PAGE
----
Truth be told, the whole thing was shot over 3 days in total, however there was a several month long pause between each day of filming.
I can’t explain it, but the love for stop-motion that I had in my youth started to fizzle out around the time I was going into high school.
Call it life taking priority over art.
Regardless, I wouldn’t make another stop-motion film for 5-6 years, by which time I was already a year or 2 into college.
Living in a dorm, with very few friends, I found myself psychologically in very much the same place I was when I was 13.
In order to pass the time, as well as show off to my roommates, (some of the guys in the dorm also wanted to be filmmakers) I found myself bringing old action figures from home back with me to the dorm to use for animations.
As sad as it was that I spent a lot of my time in college watching Ultraman and making movies with action figures, I have to say; I had a lot of fun getting back into stop-motion.
It was also fun teaching myself how to edit my films, as up until then I had done everything sequentially and in-camera.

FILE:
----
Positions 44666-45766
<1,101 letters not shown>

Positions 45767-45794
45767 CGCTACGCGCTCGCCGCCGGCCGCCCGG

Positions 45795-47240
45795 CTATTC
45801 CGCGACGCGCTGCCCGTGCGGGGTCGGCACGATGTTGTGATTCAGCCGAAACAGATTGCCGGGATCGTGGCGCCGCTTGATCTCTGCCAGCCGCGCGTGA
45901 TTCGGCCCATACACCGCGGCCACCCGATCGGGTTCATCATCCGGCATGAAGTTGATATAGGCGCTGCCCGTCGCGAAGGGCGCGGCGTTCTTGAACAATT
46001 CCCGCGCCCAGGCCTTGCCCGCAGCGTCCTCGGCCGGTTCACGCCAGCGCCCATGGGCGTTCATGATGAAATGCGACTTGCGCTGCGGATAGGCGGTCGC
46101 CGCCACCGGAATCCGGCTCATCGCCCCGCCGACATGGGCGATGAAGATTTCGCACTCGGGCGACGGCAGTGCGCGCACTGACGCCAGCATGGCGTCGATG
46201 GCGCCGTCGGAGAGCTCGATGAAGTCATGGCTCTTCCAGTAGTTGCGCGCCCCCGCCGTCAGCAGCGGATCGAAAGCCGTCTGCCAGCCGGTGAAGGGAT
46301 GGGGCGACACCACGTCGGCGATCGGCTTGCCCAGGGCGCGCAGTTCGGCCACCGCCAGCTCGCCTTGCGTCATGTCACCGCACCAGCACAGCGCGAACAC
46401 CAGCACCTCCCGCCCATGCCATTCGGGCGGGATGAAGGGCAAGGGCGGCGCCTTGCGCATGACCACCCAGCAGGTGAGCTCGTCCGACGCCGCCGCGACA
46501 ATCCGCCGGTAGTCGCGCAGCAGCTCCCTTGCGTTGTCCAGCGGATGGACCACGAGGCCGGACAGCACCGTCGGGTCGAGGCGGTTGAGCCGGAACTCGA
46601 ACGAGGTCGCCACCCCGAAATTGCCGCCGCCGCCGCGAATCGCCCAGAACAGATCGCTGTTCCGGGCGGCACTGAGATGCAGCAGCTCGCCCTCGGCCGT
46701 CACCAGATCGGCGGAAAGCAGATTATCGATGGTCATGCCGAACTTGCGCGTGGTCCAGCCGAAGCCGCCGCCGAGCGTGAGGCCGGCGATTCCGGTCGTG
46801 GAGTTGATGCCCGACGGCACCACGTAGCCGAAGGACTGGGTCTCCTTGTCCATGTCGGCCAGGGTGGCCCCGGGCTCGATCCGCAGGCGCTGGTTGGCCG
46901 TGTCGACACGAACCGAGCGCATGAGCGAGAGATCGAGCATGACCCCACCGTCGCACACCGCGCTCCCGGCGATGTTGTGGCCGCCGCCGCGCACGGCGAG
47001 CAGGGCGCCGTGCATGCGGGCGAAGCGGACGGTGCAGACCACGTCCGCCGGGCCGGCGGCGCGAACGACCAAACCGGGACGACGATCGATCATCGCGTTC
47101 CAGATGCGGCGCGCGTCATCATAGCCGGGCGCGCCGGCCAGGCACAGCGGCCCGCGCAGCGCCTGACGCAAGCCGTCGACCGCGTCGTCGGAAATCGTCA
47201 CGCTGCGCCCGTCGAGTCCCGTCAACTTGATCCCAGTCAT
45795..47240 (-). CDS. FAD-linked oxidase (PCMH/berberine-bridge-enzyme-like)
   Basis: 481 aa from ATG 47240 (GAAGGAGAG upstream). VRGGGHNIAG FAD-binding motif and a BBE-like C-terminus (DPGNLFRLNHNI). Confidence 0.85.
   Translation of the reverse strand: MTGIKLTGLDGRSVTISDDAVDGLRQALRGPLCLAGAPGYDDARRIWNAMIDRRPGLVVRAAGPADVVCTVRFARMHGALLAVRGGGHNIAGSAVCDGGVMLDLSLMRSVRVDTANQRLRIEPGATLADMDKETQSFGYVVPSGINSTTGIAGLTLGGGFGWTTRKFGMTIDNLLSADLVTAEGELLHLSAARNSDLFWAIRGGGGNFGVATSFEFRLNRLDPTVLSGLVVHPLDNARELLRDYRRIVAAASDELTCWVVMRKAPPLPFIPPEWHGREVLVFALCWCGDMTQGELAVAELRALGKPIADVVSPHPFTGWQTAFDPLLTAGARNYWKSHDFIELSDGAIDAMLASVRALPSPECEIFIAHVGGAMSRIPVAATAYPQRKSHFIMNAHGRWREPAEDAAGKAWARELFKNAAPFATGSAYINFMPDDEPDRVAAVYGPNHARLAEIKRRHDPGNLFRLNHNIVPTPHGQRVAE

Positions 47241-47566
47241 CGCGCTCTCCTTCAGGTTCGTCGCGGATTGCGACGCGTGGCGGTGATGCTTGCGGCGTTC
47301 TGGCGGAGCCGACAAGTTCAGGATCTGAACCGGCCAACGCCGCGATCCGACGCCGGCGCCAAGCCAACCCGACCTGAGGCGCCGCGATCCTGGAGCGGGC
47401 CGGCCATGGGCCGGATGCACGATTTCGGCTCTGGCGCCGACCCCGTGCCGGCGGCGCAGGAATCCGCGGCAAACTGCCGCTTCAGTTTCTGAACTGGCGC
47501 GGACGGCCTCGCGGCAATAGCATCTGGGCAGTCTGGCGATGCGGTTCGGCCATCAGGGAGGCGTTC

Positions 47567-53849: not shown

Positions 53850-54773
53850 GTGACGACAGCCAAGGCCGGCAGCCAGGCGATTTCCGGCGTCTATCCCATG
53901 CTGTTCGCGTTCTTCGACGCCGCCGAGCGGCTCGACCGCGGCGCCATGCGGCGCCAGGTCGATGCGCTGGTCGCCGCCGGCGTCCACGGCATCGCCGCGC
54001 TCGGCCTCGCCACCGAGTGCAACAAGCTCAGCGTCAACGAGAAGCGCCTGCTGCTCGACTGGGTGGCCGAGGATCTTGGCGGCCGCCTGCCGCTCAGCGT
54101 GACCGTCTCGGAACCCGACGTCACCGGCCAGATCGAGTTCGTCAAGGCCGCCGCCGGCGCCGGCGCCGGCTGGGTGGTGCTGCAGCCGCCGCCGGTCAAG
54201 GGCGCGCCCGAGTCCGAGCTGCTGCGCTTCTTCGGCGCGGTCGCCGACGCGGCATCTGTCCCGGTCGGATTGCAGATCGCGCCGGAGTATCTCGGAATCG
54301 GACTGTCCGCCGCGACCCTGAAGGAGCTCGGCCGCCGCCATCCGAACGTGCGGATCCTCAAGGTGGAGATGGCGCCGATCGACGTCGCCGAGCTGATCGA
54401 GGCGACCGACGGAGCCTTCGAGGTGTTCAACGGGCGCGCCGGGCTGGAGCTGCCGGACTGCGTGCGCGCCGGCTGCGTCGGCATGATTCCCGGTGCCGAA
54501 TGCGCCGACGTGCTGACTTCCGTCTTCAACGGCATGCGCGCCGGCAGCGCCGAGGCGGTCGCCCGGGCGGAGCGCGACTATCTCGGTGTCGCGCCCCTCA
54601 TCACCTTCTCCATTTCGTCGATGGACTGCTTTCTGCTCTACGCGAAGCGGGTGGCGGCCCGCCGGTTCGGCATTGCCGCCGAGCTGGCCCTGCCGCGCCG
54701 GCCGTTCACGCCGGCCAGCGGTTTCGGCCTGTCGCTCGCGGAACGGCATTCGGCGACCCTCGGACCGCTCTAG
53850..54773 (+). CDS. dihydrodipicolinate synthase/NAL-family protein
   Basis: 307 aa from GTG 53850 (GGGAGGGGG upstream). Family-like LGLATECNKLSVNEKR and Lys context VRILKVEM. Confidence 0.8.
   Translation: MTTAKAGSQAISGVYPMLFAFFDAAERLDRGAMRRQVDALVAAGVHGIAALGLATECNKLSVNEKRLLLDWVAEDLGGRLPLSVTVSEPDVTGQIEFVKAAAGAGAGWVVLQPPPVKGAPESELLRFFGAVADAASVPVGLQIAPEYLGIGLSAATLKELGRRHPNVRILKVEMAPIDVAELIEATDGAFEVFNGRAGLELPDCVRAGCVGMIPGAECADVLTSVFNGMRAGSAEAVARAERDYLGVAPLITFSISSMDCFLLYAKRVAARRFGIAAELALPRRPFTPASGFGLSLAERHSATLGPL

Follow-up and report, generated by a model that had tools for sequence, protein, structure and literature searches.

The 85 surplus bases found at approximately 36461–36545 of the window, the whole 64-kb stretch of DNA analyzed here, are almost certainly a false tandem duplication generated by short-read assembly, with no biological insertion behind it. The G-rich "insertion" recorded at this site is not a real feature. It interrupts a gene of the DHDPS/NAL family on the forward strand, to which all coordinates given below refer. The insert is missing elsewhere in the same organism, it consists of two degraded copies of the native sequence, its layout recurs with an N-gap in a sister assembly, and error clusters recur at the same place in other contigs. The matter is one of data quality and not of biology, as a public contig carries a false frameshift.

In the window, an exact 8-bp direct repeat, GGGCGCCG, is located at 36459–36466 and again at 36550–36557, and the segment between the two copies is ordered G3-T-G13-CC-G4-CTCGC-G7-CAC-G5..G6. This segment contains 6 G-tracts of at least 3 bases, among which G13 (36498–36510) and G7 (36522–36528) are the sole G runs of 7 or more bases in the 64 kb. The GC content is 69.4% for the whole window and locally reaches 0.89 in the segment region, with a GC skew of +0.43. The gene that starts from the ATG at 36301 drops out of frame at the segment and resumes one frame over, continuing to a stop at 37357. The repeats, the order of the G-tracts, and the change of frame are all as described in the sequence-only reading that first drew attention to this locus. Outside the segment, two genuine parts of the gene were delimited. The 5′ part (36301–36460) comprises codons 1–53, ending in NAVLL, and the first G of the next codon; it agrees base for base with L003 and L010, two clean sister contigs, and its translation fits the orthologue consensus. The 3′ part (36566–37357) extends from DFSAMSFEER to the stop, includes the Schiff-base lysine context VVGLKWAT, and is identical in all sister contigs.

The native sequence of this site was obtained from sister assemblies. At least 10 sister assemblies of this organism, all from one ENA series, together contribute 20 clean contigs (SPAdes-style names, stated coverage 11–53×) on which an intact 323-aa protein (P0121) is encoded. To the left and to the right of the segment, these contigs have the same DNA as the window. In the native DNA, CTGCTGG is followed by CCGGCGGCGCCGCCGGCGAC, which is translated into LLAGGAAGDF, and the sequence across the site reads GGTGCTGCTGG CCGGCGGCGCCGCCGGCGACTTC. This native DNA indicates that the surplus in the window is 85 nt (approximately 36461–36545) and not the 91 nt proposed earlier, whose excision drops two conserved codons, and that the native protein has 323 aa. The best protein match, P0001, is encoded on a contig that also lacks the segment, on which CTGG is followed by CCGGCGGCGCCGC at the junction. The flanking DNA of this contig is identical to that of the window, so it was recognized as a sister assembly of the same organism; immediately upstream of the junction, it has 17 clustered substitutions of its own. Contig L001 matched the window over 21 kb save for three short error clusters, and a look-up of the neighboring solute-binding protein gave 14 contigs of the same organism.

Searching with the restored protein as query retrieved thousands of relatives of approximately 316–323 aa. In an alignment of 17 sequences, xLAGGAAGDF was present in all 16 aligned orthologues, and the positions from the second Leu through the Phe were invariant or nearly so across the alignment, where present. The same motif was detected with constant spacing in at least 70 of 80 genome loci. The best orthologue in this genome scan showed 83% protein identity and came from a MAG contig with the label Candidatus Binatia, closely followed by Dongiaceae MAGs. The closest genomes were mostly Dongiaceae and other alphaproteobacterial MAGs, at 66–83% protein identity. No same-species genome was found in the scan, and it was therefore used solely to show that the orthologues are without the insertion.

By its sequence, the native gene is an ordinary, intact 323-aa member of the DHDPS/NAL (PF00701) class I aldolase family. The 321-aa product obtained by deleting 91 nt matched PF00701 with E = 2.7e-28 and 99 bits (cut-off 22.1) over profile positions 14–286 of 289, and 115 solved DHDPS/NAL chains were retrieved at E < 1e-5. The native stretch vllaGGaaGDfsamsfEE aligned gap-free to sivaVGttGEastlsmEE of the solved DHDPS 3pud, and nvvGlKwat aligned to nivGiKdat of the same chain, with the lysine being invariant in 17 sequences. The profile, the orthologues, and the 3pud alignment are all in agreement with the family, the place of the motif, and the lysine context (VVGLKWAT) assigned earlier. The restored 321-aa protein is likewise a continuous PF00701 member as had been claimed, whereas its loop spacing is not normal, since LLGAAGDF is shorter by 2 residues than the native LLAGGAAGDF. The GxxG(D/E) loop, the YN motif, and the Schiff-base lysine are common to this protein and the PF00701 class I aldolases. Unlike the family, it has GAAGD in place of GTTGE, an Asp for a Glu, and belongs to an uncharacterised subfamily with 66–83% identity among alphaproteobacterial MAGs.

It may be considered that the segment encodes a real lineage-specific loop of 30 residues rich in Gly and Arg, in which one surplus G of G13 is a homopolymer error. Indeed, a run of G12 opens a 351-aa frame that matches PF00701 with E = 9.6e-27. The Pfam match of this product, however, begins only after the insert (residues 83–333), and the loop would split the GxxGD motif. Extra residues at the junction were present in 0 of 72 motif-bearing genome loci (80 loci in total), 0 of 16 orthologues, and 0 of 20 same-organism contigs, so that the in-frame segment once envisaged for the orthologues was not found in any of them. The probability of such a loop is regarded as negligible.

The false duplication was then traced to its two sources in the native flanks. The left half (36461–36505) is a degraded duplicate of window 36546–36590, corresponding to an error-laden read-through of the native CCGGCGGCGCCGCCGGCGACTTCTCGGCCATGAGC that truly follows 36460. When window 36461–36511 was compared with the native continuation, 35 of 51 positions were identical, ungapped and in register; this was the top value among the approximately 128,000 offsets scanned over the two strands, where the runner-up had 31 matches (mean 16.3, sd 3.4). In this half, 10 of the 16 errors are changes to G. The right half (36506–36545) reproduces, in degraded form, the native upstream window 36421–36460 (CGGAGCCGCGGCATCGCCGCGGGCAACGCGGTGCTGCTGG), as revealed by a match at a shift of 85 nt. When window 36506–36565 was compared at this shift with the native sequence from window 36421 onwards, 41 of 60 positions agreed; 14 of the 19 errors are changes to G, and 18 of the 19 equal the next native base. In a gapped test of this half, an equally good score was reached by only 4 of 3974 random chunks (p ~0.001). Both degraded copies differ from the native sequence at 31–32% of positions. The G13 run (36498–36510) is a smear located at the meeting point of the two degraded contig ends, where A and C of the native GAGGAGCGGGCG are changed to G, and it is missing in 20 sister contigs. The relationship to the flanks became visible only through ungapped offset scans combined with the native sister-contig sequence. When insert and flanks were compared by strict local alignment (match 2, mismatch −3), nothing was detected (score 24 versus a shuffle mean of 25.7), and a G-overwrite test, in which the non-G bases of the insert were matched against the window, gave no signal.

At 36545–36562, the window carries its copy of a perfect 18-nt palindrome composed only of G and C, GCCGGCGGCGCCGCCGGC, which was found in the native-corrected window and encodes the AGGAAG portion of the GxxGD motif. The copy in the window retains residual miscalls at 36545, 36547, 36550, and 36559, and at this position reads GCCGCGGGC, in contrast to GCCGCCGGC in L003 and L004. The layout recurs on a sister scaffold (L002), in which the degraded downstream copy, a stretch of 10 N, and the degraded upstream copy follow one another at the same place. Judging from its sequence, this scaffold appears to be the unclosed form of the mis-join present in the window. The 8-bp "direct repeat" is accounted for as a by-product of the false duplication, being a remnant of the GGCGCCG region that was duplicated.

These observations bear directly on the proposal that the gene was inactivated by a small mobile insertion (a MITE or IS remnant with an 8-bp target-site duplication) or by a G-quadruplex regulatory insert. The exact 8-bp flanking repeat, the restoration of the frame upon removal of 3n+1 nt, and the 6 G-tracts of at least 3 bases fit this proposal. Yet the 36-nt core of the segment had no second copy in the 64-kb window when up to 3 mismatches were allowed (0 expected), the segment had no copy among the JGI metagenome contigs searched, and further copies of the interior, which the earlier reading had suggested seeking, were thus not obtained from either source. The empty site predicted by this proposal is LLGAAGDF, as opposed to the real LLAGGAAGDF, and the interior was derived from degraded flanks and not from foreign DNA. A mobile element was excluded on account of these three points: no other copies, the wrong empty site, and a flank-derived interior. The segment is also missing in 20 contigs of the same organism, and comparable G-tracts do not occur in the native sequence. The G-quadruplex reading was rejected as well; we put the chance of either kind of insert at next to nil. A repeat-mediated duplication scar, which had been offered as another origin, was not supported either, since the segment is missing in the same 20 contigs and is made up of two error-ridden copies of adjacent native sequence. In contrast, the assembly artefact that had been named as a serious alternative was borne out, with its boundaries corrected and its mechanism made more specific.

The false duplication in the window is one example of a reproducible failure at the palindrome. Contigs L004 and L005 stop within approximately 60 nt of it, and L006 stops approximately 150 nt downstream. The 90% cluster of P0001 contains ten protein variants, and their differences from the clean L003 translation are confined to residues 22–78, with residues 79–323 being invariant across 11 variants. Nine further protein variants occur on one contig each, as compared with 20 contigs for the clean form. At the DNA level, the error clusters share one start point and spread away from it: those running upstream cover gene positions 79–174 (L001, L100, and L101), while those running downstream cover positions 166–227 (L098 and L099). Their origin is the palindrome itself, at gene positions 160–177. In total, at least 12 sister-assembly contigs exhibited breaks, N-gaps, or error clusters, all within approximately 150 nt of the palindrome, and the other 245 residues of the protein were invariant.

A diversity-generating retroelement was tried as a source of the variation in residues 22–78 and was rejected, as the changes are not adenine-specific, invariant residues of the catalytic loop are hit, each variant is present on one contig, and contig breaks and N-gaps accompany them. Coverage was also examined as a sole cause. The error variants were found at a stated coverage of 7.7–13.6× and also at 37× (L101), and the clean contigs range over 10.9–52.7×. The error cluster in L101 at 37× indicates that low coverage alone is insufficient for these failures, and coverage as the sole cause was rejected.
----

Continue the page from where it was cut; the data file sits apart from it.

Hell, you can actually see the CD player I was playing into the camera speaker for live sound effects in the background of half the shots in “Pimpmastah.”
While I was using it as little more than a hobby, the extremely open-ended and liberal nature of my college allowed me more than a few opportunities to use stop-motion as a means of fulfilling class assignments.
You can bet I ended up making an animation every time I was asked to do a presentation on one of my writing assignments.
Another factor in why I continued to involve myself in stop-motion, was the fact that I was still plagued with the same limitations as a filmmaker, even in college.
Though I applied for them annually, I never got into a filmmaking class at my college.
Stop-motion became my pen and paper for the world of filmmaking.
Even with no budget, or actors, or even decent equipment, as long as I had some action figures and my old dead-pixel ridden camcorder, I could make movies to my heart’s content.
And I did.
I’ll never say I’m any sort of noteworthy talent in the art of stop-motion, as I know I’m not; but that’s not the point.
The point is:
Stop-motion is something anyone can do with a camera and a lot of patience.
I’m fortunate enough to have had both of those things since the age of 13, and while I’ve never had the organization skills or technical capabilities to put together a real movie; stop-motion has given me a venue to make movies of my own, on my own.